Six Selling Secrets from Magicians

If you think that magicians and neuroscientists have little to talk about, you’d be wrong: both deal with issues like attention and consciousness, albeit in a different way. And, as it turns out, marketers can learn from both groups, and in particular, from understanding why magicians can fool us even when we are trying to pay attention.

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Keep It Simple for Boomers & Seniors

Targeting Boomers or seniors with your advertising? Keep it simple. While that’s usually good advice for any kind of advertising, brain scans show a dramatic difference in the ability of older brains to suppress distracting information. Studies by Dr. Adam Gazzaley (then at UC Berkeley, now at UC San Francisco) found the suppression difference in older vs. younger brains was the key factor in memory formation decline in older people.


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Stories Synchronize Brains

An ongoing story (so to speak) here at Neuromarketing is the power of stories to engage readers and listeners. Now, there’s new brain scan evidence that shows a startling phenomenon: when one person tells a story and the other actively listens, their brains actually begin to synchronize.

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The Invisible Gorilla

Review: The Invisible Gorilla: And Other Ways Our Intuitions Deceive Us, by Christopher Chabris and Daniel Simons

Before reading farther, watch this video if you haven’t already seen it:

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What’s Your Mind-Diet? Clay Shirky versus Nick Carr

There has been a wonderful debate going on in the pages of the Wall Street Journal between Clay Shirky and Nick Carr. Carr became famous for his IT Doesn’t Matter article and has ridden his technology contrarianism to a fantastic intellectual franchise. I have yet to read his newest book, The Shallows: What the internet is doing to our brains, but according to reviewers I respect like Mark McDonald over at Gartner, the book seems to be a worthwhile review of relevant literature showing how the use of new media, including new digital technologies, can cause poorer performance for  important thinking tasks. 

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The Brain That Changes Itself

Book Review: The Brain That Changes Itself: Stories of Personal Triumph from the Frontiers of Brain Science by Norman Doidge

For centuries, the human brain was considered largely immutable after childhood. We were told that we had all the brain cells we’d ever get by the time we were adolescents.

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Luxury, Left Brain, Right Brain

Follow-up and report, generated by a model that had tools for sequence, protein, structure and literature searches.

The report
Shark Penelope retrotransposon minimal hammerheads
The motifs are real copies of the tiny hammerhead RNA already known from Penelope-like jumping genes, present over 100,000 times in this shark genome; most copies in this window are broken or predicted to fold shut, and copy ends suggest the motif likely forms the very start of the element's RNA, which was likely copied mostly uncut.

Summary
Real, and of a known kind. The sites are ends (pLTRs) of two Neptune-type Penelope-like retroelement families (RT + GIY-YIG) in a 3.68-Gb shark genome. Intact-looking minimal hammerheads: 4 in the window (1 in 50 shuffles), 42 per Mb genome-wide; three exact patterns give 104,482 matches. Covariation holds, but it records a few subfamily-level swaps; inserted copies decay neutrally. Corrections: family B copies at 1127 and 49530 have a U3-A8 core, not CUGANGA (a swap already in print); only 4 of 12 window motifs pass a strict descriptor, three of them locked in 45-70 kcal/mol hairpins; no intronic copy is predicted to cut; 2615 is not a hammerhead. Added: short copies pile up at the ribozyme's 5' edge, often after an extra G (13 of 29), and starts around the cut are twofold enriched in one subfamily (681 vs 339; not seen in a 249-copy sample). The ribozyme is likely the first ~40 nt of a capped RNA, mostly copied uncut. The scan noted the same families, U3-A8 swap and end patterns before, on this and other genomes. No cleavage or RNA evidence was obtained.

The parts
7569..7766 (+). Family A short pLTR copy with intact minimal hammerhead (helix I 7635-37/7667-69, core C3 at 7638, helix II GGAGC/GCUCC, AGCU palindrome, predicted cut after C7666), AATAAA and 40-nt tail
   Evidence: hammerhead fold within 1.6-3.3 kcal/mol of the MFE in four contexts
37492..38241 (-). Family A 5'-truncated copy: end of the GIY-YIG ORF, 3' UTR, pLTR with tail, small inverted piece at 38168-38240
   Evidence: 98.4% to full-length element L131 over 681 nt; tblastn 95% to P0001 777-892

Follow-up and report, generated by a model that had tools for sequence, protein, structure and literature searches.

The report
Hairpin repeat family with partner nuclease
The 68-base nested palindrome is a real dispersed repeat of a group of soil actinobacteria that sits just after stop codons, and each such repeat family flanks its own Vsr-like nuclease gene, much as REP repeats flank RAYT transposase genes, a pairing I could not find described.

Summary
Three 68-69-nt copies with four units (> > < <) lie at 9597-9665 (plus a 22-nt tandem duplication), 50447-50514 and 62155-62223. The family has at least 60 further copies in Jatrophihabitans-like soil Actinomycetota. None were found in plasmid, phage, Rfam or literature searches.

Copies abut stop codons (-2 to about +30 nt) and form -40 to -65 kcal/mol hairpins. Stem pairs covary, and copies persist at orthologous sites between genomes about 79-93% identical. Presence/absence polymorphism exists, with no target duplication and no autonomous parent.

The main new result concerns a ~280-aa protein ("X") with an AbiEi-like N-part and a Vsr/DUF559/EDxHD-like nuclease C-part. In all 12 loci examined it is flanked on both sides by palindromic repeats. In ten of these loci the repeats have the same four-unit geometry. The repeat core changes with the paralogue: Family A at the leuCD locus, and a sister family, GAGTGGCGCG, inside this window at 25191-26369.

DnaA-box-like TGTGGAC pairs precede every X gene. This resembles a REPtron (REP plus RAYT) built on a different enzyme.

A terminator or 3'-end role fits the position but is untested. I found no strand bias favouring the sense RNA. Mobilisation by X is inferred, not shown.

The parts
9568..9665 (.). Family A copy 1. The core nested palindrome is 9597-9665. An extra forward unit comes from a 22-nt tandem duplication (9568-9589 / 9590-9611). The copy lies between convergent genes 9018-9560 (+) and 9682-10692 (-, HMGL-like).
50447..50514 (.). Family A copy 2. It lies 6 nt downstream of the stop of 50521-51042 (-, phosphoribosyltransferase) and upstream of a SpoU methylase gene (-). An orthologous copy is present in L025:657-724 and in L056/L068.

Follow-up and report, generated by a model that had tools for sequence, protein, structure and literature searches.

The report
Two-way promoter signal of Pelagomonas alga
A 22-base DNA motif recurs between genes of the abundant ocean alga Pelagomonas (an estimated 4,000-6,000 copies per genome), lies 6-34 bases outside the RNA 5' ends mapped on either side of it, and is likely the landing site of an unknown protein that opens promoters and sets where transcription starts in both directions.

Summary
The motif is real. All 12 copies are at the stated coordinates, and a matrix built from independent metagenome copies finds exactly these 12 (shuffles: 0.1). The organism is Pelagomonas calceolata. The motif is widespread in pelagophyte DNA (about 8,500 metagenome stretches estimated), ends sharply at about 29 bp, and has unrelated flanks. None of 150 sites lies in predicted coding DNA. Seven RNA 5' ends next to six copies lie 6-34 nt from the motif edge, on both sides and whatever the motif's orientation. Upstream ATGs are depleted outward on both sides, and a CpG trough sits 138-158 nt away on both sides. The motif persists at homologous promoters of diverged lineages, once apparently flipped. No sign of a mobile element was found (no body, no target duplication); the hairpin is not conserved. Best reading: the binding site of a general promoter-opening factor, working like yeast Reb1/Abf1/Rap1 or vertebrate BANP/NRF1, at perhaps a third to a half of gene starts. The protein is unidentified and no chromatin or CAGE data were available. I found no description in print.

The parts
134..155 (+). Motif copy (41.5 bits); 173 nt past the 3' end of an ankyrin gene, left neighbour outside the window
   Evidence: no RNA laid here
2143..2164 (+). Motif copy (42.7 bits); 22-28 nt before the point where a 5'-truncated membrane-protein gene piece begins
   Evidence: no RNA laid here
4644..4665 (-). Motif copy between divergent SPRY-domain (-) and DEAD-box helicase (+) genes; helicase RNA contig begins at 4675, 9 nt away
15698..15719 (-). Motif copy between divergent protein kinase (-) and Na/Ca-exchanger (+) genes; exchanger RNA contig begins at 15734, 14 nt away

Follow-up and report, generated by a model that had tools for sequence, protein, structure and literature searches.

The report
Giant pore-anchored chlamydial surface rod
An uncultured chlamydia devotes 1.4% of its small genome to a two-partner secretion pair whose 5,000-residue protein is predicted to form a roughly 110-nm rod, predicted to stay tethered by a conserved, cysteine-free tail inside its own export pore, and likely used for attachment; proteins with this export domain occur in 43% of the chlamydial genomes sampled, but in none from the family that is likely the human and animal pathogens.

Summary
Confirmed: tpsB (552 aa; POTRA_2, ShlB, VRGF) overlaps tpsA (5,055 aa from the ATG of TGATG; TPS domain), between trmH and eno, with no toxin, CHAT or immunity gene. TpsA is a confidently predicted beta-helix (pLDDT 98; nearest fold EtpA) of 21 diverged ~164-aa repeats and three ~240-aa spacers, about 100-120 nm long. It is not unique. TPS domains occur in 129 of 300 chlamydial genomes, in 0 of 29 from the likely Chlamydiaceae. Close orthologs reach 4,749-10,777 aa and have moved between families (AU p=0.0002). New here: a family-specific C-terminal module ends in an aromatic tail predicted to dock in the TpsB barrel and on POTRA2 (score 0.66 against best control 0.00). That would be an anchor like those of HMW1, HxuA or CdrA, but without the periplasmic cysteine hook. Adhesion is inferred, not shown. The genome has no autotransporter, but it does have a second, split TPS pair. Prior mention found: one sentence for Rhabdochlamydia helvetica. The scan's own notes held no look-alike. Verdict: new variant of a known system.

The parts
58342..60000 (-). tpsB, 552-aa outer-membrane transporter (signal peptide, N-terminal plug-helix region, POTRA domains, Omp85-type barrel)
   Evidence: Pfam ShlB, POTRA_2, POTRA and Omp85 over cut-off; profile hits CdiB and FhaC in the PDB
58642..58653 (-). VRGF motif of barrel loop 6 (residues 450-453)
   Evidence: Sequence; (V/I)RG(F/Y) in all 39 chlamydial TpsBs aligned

Popular psychology simplifies the different functions of our brain hemispheres by using “left brain” to indicate analytical thinking and “right brain” to mean creativity and emotion. That may be a bit of an oversimplification, but it’s a useful shorthand. In The Luxury Strategy, authors J. N. Kapferer and V. Bastien emphasize the need for a management team that has both characteristics.

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Body Image: Men vs. Women

Browse through the magazines at the supermarket checkout line, and you’ll find that almost every one oriented to a female audience has some kind of a weight loss plan on the cover. Male-oriented magazines, meanwhile, are more likely to show an attractive woman instead of a guy showing off the results of his three-week miracle diet. While one might attribute the glut of diet articles to the overall rate of obesity in the U.S., new research shows that the magazine editors may be exploiting body image concerns that are “hardwired” into the brains of all women.

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Food, Shelter, and Big Words

Decades ago, Abraham Maslow proposed that humans had a hierarchy of needs, with food being at the most basic level of biological need and shelter one step above as part of a “safety” need. He may have been on the right track, according to new research led by Marcel Just at Carnegie Mellon University. The researchers exposed subjects to a series of nouns while monitoring their brain activity in an fMRI machine, and recorded which areas of the subjects brain were activated by each noun.

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You Are What You Choose

Book Review: You Are What You Choose – The Habits of Mind that REALLY Determine How We Make Decisions, by Scott de Marchi and James T. Hamilton

Based on the title and cover art, which shows a head stuffed with objects, I anticipated that You Are What You Choose would be chock full of decision-making insights based on neuroscience and behavioral research. Instead, de Marchi and Hamilton mostly talk about their TRAITS system for categorizing individuals and then predicting subsequent behavior.

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